Password policies are one of the security pillars in system administration even if a system has a single user. Especially when talking about aging options, users are required to update their passwords regularly to avoid any kind of threat or data violation.
On the other hand, the latest version of NIST password guidelines comes with changes to password requirements. One of the most important guidelines is to avoid frequent password updates. The cause is that it’s common to create passwords that are oddly similar to those already used in the past, making them predictable.
In this tutorial, we’ll focus on passwords without any age limits in Linux systems. First, we’ll go through command line utilities: passwd and chage to create or update passwords and manage aging parameters. Then, we’ll look at configurations that can be applied to the /etc/shadow and /etc/login.defs system files. For the most part, we’ll need superuser access to run these commands and edit system files.
2. Using chage and passwd Commands
The name of the chage command stands for “change age”. It tracks user account and password aging data such as expiry dates, maximum and minimum password ages, warning ages, and other details.
Let’s run chage with the -l flag to list the aging details for the baeldung user, supplied as an argument:
$ chage -l baeldung Last password change : Feb 19, 2023 Password expires : Mar 21, 2023 Password inactive : never Account expires : never Minimum number of days between password change : 0 Maximum number of days between password change : 30 Number of days of warning before password expires : 7
We see the maximum number of days until a password expires after being updated is 30. To modify this, it’s enough to use the -M (maximum password age) option along with the number of days:
$ chage -M -1 baeldung $ chage -l baeldung Last password change : Feb 19, 2023 Password expires : never Password inactive : never Account expires : never Minimum number of days between password change : 0 Maximum number of days between password change : -1 Number of days of warning before password expires : 7
We can choose either a negative value or a huge number representing hundreds of years for example.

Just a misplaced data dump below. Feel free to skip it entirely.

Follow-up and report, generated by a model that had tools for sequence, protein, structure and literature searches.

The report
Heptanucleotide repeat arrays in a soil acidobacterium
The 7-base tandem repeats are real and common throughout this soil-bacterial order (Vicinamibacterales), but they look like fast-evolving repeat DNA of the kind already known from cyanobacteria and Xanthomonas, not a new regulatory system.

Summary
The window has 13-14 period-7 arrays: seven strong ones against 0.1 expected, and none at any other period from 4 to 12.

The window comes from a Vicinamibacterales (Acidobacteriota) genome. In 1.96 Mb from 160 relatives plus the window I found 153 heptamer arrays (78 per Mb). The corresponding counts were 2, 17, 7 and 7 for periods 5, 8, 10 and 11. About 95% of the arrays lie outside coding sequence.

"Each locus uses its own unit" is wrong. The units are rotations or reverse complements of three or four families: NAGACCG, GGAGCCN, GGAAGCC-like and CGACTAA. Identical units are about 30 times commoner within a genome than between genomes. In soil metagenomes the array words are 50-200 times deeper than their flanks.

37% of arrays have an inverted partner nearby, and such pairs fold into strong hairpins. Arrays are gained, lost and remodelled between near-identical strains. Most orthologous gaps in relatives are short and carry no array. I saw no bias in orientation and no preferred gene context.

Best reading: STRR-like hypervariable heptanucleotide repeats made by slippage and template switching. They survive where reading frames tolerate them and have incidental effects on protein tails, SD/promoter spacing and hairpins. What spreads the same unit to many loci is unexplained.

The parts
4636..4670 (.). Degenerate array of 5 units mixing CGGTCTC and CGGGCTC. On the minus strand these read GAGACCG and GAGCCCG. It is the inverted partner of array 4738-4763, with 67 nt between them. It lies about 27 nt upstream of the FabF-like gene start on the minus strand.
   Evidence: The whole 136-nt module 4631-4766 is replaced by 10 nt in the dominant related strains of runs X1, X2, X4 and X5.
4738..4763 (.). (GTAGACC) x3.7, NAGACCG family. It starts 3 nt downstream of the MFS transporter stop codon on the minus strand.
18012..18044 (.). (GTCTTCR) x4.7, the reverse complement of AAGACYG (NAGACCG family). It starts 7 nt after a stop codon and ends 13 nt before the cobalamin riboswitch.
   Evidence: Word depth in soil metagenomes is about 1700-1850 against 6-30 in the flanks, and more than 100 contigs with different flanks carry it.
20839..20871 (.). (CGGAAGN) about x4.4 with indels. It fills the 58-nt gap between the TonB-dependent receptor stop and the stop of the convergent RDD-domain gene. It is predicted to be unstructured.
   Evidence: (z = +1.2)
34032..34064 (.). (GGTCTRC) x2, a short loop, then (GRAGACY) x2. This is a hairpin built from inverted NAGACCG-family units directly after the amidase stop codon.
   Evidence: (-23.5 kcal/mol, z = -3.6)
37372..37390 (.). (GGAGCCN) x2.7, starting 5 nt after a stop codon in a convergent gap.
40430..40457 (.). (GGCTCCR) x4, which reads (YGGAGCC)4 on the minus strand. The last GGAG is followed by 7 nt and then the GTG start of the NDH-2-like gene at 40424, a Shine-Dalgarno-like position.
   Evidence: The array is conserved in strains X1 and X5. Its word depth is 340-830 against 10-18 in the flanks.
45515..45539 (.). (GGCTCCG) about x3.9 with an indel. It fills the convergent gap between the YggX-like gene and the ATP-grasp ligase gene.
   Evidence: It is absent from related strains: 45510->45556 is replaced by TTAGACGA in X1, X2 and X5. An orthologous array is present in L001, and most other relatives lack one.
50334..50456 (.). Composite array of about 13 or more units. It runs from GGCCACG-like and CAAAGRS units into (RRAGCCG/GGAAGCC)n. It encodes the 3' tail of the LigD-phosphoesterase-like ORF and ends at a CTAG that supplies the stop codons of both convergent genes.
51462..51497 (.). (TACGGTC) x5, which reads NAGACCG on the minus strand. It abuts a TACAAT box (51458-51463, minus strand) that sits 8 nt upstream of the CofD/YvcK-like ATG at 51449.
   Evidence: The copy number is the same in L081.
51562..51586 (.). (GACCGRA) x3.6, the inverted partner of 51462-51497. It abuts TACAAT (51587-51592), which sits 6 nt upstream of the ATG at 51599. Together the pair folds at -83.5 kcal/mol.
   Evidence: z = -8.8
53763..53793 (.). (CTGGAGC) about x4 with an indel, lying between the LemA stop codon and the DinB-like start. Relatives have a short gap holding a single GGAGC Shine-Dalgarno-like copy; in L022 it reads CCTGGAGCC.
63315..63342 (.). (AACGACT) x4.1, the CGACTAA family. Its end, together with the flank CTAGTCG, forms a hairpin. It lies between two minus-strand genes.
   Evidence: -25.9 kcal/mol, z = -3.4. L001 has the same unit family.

By default, chage performs in an interactive version, displaying to the user the current values for all the attributes. The user can enter a new value for each attribute or leave a blank line to keep the existing value.
While chage simply controls how the system treats password expiration, passwd updates the password itself or defines it if it’s not already created. However, it’s also possible to use passwd for the password aging parameters:
$ passwd -x -1 baeldung Adjusting aging data for user baeldung. passwd: Success
With the -x option, we can use -1 to turn off the aging without a password change. If we use 0, the user must update the password on the next login.
3. Setting System Files /etc/login.defs and /etc/shadow
The configuration file /etc/login.defs contains the default configuration parameters of newly-created user accounts. Many user management utilities, such as useradd, usermod, userdel, and groupadd, rely on it to get the default configuration.
The lines in /etc/login.defs contain two columns: the configuration name and an associated value. It’s enough to change the parameter PASS_MAX_DAYS by any means to turn off the password expiration:
# Password aging controls: [...] PASS_MAX_DAYS 999990 PASS_MIN_DAYS 0 PASS_MIN_LEN 5 PASS_WARN_AGE 7
Let’s create a new user with the command useradd and set a password for that user:
$ useradd linuxuser $ passwd linuxuser New password: Retype new password: passwd: password updated successfully
Now, we can check the aging data with chage to see the default values assigned to the new user:
$ chage -l linuxuser Last password change : Feb 22, 2023 Password expires : never Password inactive : never Account expires : never Minimum number of days between password change : 0 Maximum number of days between password change : 999990 Number of days of warning before password expires : 7
On the other hand, the /etc/shadow file stores the hashed passwords of the already-created user accounts. Each line in it begins with the username then the hashed password and then the associated aging parameters, all separated by the : colon character:
For baeldung, the associated line in /etc/shadow looks like this:
$ cat /etc/shadow | grep baeldung baeldung:$1$V[...]ZF.:19407:0:-1:7:::
Here, we see the maximum age is -1, which refers to a no-expiration date for baeldung‘s password. Any changes in the aging data can be applied directly to the file, but it’s best to use vipw. In any case, it’s mandatory to master the file’s structure: a simple error in /etc/shadow can lead to the loss of system access.
In this article, we concentrated on ways to turn off password expiration in Linux. We discussed the related commands, chage and passwd, and system files, /etc/login.defs and /etc/shadow.
To emphasize, password expiration differs from account expiration. In fact, once expired, the user must update the password at the next login. Meanwhile, an expired account prevents the user from connecting to the system even with the right password.